Tuesday, 12 July 2011

Painted Sheds

For the last few years on his travels, Shedman has been building a compendium of artworks that include sheds. It adds a flavour to his gallery visits.

Last year, Shedman & son visited Berlin for his son's 18th birthday.

Here's a brief review of some of the pictures featuring sheds in the Gemäldegalerie and the Alte Nationalgalerie.

The Dutch Proverbs by Pieter Brueghal the Elder How many sheds?

Asselijn wiederaufbau-muiderdeich

Wiederaufbau des Muiderdeiches by Jan Asselijn

Abraham Bloemaert (1564-1651) obviously liked his sheds. There's a landscape in the Gemäldegalerie by Bloemaert featuring St Tobias and an angel with a fine shed in the background. But this picture in the Walters Art Museum in Baltimore, Parable of the Wheat and the Tares (1624), predates The Wire by several centuries and shows a couple out of it on a corner, although the main interest is surely that fine shed tree house.

And finally Caspar David Friedrich with a Cabin covered in snow.

If you chance upon other images of sheds in pictures online or in galleries please send Shedman a link. And don't forget that Shedman is still compiling the anthology of shed poems - so send your favourites through for inclusion.

Friday, 8 July 2011

RadioShed? Shedman at Daventry Arts Festival 17-21 July

Daventry is a place of roads and crossings: the A5 and A45, Watford Gap and the M45/M1 junction. For Shedman growing up in the Midlands it was somewhere below Coventry, geographically and alphabetically; a place viewed distantly from a rainy car window, but with the curious magic and mystery of those giant transmission masts. On departure Daventry symbolised the wide world, pumping radio signals far and wide. On return, Daventry marked the first outpost of home. Shedman has a long attachment to Daventry, so he's delighted to have been invited to be part of the very first Daventry Arts Festival.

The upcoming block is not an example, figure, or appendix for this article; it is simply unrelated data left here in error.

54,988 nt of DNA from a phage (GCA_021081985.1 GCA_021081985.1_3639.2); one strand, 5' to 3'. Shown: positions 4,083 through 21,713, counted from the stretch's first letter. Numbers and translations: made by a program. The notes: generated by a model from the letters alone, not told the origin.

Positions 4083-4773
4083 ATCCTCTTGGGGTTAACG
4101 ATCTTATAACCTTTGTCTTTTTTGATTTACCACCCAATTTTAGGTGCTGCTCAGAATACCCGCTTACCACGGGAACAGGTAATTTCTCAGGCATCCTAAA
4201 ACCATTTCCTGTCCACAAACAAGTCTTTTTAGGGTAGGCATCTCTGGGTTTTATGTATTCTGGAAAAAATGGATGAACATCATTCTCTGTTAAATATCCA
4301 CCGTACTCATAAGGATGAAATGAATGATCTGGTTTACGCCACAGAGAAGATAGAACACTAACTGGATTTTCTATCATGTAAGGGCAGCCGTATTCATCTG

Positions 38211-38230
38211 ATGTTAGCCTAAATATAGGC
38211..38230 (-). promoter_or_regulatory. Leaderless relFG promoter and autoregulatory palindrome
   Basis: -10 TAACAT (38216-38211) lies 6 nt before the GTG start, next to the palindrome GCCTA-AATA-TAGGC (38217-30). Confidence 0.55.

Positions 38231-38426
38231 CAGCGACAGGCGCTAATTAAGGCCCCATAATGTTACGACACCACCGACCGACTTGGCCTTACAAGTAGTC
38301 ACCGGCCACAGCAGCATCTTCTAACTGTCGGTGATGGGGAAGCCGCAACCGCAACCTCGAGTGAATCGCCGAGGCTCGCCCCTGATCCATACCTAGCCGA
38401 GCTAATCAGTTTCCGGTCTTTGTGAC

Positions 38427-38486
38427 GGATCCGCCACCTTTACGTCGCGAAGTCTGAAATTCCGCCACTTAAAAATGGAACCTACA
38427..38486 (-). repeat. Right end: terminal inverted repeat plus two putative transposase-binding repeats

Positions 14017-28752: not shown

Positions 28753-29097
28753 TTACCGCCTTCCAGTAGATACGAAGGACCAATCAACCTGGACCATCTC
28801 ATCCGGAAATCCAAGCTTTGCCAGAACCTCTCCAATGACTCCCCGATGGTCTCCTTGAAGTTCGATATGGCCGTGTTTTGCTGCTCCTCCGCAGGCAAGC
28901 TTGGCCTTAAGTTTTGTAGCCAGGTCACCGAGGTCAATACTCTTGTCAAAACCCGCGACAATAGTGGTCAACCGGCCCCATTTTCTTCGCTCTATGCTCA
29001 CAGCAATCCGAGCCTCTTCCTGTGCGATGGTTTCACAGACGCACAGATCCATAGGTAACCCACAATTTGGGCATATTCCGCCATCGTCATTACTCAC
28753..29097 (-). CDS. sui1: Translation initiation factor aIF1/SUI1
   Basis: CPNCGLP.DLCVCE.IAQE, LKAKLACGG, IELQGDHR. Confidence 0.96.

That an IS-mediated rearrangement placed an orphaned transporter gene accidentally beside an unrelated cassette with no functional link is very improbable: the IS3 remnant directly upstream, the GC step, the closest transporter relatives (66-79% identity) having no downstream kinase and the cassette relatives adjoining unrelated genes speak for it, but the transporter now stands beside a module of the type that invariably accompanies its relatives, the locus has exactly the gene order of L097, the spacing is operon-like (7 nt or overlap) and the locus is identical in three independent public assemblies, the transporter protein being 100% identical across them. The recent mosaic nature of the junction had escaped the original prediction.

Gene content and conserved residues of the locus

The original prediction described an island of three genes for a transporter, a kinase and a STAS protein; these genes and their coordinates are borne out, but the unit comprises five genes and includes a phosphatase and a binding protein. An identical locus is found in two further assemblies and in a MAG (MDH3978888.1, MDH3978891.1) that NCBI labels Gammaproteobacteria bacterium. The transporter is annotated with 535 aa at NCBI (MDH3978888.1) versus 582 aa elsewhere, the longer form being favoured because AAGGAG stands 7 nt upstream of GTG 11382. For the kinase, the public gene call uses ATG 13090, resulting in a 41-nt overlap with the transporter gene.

Daventry was the original wireless community, globally connected. It's the home of BBC World Service. It was also the site of the first successful experiment with Radio Direction Finding (RDF) or, as the Americans called it, Radio Detection and Ranging, now better known as radar.

Shedman is looking forward to doing some of his own direction finding during his stay in Daventry, conducting one of his inimitable shedquests and exploring not just Daventry itself but also the surrounding area - Wolfhampcote, Nethercote, Newnham, Braunston, Ashby St. Ledgers, Welton, Weedon, Long Buckby, Muscott, the Catesbys and the Everdons. He's looking forward to exploring lots of Littles, Nethers and Uppers.

During his sojourn in Daventry Shedman will be based in his shed at the entrance to New Street Recreation Ground. If you're in the area come on down and and check in at the radio shack. Swap stories with Shedman about your sheds and have a go at writing a poem or a story.

All pictures courtesy of the fascinating website G8GMU 

Tuesday, 5 July 2011

Indigenous peoples have a word for it...

Shedman will be returning to the States later this month to Dana Point, near San Diego in southern California. He hopes to visit Mission San Capistrano.

According to the Kumeyaay Information Village website, San Diego County has more Native American Indian Reservations than any other county in the US.

Wikipedia points out that in this region, 'the pre-contact Acjachemen built cone-shaped huts made of willow branches covered with brush or mats made of tule leaves. Known as Kiichas (or wikiups), the temporary shelters were utilized for sleeping or as refuge in cases of inclement weather. When a dwelling reached the end of its practical life it was simply burned, and a replacement erected in its place in about a day's time.'

So Wikipedia is Shedpedia!

Photo of Kumeyaay house at the museum in Francisco Zarco, Mexico from Kenneth Brantingan